“He was bragging about it,” Martin continues. “’We just committed this scam last week. It cost $40,000 and it netted $2.5 million.’ He said his end was $250,000 and it just got wired to his offshore account. He’s going to bury the money by buying a piece of beachfront property in Corsica because he doesn’t have anything else to do with it.”
“The scam is relatively simple,” Martin writes. “They are reselling back to the Department of Defense actual Department of Defense inventory items that the Department of Defense already owns, but doesn’t realize it owns. They go through the massive Department of Defense inventory list. They look for some esoteric but generic part. It doesn’t have to be big. Just something that can be easily misplaced or mislaid.”
“What this guy does on the inside is he simply deletes from the computer. That’s all he does. He deletes it. He doesn’t leave a paper trail pretending it was sold to some other company. It’s just erased. It’s just deleted.”
By the way, at Donald Rumsfeld’s confirmation hearing, Senator Robert Byrd (D-WV) said, “I seriously question an increase in the Pentagon budget in the face of the Department’s recent Inspector General’s report. How can we seriously consider a $50 billion increase in the Defense Department budget when DoD’s own auditors say the Department cannot account for $2.3 trillion transactions in one year alone?”
Rossotti’s IRS Shakedowns: Political Enemies Audited
The long-standing tradition of failing upward has finally landed Rossotti in the office of Commissioner of the Internal Revenue Service.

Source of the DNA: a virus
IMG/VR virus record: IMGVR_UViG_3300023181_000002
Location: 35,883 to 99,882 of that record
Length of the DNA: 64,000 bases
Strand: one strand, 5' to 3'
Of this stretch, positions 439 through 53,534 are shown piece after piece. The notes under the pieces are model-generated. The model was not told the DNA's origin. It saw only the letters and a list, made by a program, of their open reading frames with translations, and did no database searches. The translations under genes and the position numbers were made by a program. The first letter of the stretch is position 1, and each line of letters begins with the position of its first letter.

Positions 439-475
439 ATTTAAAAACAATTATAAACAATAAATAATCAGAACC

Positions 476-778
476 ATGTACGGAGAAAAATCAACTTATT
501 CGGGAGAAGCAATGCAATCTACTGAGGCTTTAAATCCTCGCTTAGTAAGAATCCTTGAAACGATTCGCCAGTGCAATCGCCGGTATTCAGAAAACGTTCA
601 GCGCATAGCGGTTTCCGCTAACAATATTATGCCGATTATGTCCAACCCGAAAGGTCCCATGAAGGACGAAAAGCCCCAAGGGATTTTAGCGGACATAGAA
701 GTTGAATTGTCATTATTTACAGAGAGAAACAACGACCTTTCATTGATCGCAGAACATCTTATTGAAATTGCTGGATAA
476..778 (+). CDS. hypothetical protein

According to his website bio, Charles Rossotti “assumed his duties as Commissioner on November 13, 1997, pledging to turn the IRS into an organization that will consistently provide first-class service to the American public.”
This stance belies the ugly reality of the IRS and its ongoing shakedowns of perceived political enemies. Its well-known tactics of fear and intimidation have been increasing steadily, marking the IRS as a reasonable facsimile of Soviet thuggery and/or banana republic corruption.
Since Rossotti assumed office, many political enemies of the administration have suffered IRS audits. These audits can only be construed as politically motivated de facto harassment.
A partial list of those targeted by Rossotti and his allegedly “kinder gentler” IRS include:
· Joseph Farah and The Western Journalism Center
· Juanita Broaddrick, who publicly accused Clinton of raping her while he was Arkansas attorney general
· National Center for Public Policy, a group critical of Clinton’s environmental policies
· Bill O’Reilly of Fox News’ The O’Reilly Factor
· Citizens Against Government Waste.
· Catherine Austin Fitts, former FHA Commissioner under Jack Kemp and President of Hamilton Securities, a company which ironically saved HUD $2.2 billion through its innovative loan sales/auction
Rosssotti Hires AMS Pals for High-Paying IRS Jobs
The IRS Restructuring and Reform Act of 1998 mandated that the IRS Commissioner hire non-IRS personnel for top positions in the tax-collection agency.
In an obvious quid pro quo, IRS Commissioner Rossotti then managed to hire two state tax honchos who had a prior history with AMS.
John LaFaver, Secretary of Revenue for the State of Kansas, was appointed IRS deputy commissioner for modernization, while Val Oveson, formerly chairman of the Utah State Tax Commission, was appointed national taxpayer advocate.
Even though both officials have since left IRS, both LaFaver and Oveson headed state agencies, which hired AMS to oversee the modernization of their respective states’ tax collection computer systems.
In another instance of the revolving door syndrome between corporate and government networks, LaFaver’s successor as Kansas Secretary of Revenue, Karla Pierce, went to work for Computer Sciences Corp, the lead contractor in IRS “modernization” project. Pierce, likewise, had been project manager when AMS’s Kansas contract began.
Rossotti’s AMS Sued for Breach of Contract
The corporate history of AMS is rife with lawsuits.